This action might not be possible to undo. Are you sure you want to continue?
This will prevent you going ‘off task’ every time you remember another thing to do. Simply add it to your list and return to the task in hand. This will stop the ‘butterfly’. Writing things down will help you remember them and is a better recorder than your memory. You need to devise a system to suit you, but many people have a general list, and then a specific daily or weekly list of tasks to be achieved within a certain timeframe pulled out from the general list. A lot of people find it helpful to rank the items on their ‘to-do’ list in order of importance. Not everything is of equal importance. Habit 2: Clear priorities Identify your priorities and distinguish tasks that are urgent from tasks which are important. Urgent tasks have an immediate impact. Important tasks have a significant impact. Do tasks in this order: 1– urgent and important 2– urgent (but do them quickly) 3– important. Try to prioritise important tasks. Don’t be tempted to fill in odd moments with low-rated tasks. Try and at least start a more important task. Be clear what the critical 20 per cent of your tasks are. Pareto’s Law suggests that 20 per cent of the work produces 80 per cent of the results. Be clear what the critical 20 per cent of your tasks are and prioritise them. Habit 3: Saying no and delegation Not all tasks are relevant or appropriate for you to do. Some jobs are more appropriate to delegate. Delegation is not activity dumping, you need to check that the task is suitable for the person, and you need to clarify with them what needs to be done and to what performance standard and check they have the ability to do it and that it is appropriate to their role or development. You may also need to provide them with some coaching and other support, and ensure they have the responsibility and authority required. Many managers are afraid of ‘letting go’ feeling that they either are the only ones that can do the job effectively, or alternatively it will look as if they are a shirker, continually passing work on to others. This is often not the case, especially if they have considered carefully which tasks to delegate. It is worth examining your job and working out which tasks are most suitable for you to do and which tasks would more appropriately be done by a subordinate, colleague or even someone higher up the organisation. Habit 4: The best use? Try not to drift between tasks – as you complete one task don’t float onto another. Stand back and ask yourself: What is the best use of my time now? Be honest – it is very unlikely to be something trivial. It is more likely to be getting started on ‘the big one’. Habit 5: Achieving the big one – break it down If something appears to be too difficult, then the first thing you need to do is break it down into smaller, achievable tasks. These tasks, which you can put on your to-do list, can then be given a schedule, and a priority. Habit 6: Do it now: get started! A written first draft is rarely very polished, so it may be a good idea to lower your expectations and tell yourself it is more important to finish a draft, however poor, in order to create something to work on and polish, than to not begin at all and miss an important deadline. Habit 7: Re-engineer your day, best time for best tasks Some people are larks – they get up early in the morning, bright and raring to go, yet by mid afternoon they are flagging. Others are owls, they drag themselves out of bed, sit sleepily at their desk in the morning, but then by evening they are ready to work, full of energy, burning the midnight oil. Different people have different ‘best times’ – what is your best time of day for working? Ideally you should aim to re-engineer your day so that you undertake your critical 20 per cent and your top priorities when you are at your best. Likewise you could save your routine work for when you are tired, and your energy is low. Prepared by Jovin Hurry, for AIESEC New Horizons – November 2006, Ukraine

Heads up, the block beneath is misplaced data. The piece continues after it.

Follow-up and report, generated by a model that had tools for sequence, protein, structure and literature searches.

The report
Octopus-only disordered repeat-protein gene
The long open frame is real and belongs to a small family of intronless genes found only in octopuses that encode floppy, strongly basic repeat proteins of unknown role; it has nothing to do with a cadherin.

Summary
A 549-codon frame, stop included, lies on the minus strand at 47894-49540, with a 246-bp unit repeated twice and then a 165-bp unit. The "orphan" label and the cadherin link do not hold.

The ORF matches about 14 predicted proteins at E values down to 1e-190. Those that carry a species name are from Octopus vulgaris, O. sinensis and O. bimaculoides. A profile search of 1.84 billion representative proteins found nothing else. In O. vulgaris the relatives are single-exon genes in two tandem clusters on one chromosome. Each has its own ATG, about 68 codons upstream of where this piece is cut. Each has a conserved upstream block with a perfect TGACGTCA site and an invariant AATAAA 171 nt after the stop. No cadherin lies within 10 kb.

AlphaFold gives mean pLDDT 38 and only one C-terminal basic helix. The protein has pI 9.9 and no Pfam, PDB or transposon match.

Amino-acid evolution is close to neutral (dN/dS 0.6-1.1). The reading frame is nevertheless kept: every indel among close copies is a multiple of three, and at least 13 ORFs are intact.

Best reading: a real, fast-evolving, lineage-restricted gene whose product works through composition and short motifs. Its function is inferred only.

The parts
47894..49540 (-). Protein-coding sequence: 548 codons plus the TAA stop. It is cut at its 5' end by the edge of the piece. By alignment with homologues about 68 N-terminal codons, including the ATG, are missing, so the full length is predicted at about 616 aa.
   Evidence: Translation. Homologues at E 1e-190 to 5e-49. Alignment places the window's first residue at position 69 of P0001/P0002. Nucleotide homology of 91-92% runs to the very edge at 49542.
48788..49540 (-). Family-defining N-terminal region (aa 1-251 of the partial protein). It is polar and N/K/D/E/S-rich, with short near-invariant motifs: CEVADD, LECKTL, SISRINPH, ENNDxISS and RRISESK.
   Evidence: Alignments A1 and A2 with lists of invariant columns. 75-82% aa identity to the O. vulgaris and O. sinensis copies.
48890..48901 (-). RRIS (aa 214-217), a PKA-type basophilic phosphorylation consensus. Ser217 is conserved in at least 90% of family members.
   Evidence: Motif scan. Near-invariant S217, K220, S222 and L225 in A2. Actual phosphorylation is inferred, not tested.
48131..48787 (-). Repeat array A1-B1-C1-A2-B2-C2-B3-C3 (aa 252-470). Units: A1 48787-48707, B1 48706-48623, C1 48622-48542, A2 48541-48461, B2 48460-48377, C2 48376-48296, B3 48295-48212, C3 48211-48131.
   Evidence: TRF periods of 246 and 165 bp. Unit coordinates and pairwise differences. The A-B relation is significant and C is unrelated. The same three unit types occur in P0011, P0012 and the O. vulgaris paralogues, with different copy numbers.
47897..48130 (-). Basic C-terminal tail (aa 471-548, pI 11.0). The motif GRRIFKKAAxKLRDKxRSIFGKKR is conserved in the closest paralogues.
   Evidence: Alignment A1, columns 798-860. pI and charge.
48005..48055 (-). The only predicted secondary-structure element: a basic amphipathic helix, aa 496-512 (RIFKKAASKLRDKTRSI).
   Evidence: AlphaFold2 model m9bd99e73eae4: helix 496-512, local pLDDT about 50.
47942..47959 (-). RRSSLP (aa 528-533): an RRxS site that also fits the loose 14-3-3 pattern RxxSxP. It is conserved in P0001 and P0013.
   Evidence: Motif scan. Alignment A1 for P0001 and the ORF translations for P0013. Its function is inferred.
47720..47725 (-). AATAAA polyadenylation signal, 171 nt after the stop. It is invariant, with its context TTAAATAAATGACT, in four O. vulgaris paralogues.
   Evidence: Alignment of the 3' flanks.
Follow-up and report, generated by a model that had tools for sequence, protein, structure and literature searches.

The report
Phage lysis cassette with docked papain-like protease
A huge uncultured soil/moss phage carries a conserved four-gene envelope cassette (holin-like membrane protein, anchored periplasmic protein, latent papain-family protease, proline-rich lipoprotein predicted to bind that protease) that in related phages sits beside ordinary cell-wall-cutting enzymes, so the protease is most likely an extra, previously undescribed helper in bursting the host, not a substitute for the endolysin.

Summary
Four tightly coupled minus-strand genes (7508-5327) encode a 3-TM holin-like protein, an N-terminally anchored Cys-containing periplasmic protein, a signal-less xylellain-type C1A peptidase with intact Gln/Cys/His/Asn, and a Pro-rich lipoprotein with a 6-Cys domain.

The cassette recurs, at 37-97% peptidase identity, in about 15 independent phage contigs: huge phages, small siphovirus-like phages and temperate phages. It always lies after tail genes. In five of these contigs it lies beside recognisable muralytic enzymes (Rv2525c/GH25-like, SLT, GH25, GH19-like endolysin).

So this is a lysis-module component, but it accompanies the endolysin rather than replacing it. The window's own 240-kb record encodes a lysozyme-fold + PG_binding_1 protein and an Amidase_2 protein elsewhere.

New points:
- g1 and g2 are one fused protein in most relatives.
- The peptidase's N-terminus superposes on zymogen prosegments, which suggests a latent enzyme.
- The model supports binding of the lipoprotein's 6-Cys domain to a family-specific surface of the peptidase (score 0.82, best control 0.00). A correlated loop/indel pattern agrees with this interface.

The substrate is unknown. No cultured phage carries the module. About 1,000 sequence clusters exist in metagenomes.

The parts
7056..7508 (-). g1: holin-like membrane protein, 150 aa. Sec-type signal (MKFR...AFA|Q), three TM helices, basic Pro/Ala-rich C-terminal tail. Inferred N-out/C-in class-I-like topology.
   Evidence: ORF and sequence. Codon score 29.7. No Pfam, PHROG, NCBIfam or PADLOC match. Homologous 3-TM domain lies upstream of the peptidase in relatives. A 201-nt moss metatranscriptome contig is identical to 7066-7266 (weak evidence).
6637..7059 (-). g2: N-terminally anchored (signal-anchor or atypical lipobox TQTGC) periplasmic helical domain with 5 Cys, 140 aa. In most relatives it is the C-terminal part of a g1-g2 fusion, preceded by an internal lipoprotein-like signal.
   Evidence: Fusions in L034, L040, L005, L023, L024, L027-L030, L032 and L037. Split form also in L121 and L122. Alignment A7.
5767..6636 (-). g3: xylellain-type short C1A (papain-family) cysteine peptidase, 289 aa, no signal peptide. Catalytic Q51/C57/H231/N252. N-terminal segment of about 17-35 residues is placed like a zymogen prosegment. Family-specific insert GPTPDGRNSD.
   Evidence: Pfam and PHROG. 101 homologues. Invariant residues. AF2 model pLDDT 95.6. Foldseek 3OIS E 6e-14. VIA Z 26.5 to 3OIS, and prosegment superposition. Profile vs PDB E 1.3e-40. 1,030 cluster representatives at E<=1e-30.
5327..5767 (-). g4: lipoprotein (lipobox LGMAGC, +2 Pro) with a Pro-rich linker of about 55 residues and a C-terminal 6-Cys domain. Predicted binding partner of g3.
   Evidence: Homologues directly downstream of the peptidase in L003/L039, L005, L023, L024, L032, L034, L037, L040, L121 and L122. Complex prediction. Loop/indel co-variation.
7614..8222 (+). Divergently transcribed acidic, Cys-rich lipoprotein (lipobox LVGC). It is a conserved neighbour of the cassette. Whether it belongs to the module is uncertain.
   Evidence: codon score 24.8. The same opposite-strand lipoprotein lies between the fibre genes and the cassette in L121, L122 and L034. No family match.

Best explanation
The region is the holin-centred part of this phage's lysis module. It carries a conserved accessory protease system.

or what? How can I use this material? – The third step is to consider note taking. calm and take life a bit more easily. or at least away from the office and the distractions of colleagues. . practise . .Habit 8: Cut yourself off: find a hideaway Re-engineering your day also may mean training others to respect your concentration time. Then when you start reading in detail make sure you are actively engaging with the material by asking the following: – How would I sum up the message in this article in a few sentences? – What are the key points? – In what way will I use this article – does it provide me with material for an argument in an essay. Why allow yourself to become a battery farmed animal? Take care of yourself. Habit 14: Active reading The first step in active reading is to skim abstracts to see how relevant material is. Adopt one new habit at a time. . an example methodology to use. (Courtsey: Personal Effectiveness by Diana Winstanley. Habit 10: Killing two birds with one stone Type A personalities are people who are driving. or working in a library. in his book The 7 Habits of Effective People provides the example of the goose that lays the golden egg. You may need to find somewhere quiet where you can work effectively – it may even mean taking work home. . free-range produced eggs are better than battery farmed ones. Habit 13: The electronic battlefield Delete and file as you go rather than letting old messages hang around and clog up your system. Go for quality rather than quantity. work yourself into the ground. and your work is the egg. Ukraine 2 . Habit 15: Look after the goose Steven Covey (1989). dipping your toe in the water and having a go will show you that you can do it . Move from theory to practise . You are trying to change deeply entrenched habits. Stop deferring decisions. unlike type B people who are more laid back. practise. This takes time. you need to make sure your performance is being judged by outcomes and not process. how can you expect to be able to continue to produce the golden eggs? Everyone knows organic. time off. and you may be about to get started on something important and don’t want to allow bits of paper to divert you from that important task. If you exhaust yourself. This works particularly well when you have lots of trivial tasks to do – for example you could be signing letters or viewing e-mails when on the telephone to that manager who does tend to go on rather. Skim through first of all to check how useful it is really going to be. for AIESEC New Horizons – November 2006. Habit 11: Once Is enough Handle each piece of paper once. Is it relevant. For this to be effective. Published by the CIPD. Of course there is some material that doesn’t need immediate attention. Habit 9: Wait productively Alternatively reading is a good space-filler. So work productively rather than to burnout. you can then concentrate on how you read.. looking forward to your commuter journey. don’t download everything. always liking to be on the go. ambitious. and you may find you get to like this habit. Habit 12: Tidy up You do need to have a place for everything. This may not always be possible in noisy office environments. not life as one hard slog. Assume you are the goose. In that case mark the material you need to return to later with the relevant date and put a note in your diary/’to-do’ list to remind you. Habit 16: Adopt a habit Time management is a habit. . competitive. Type As like this habit – doing two tasks at once. and uninterrupted time for reading those books or reports.) Prepared by Jovin Hurry. . restless. and everything in its place. is it widely cited. does it appear in a top journal? Once you have narrowed down the focus for your reading. value yourself enough to give yourself time to relax.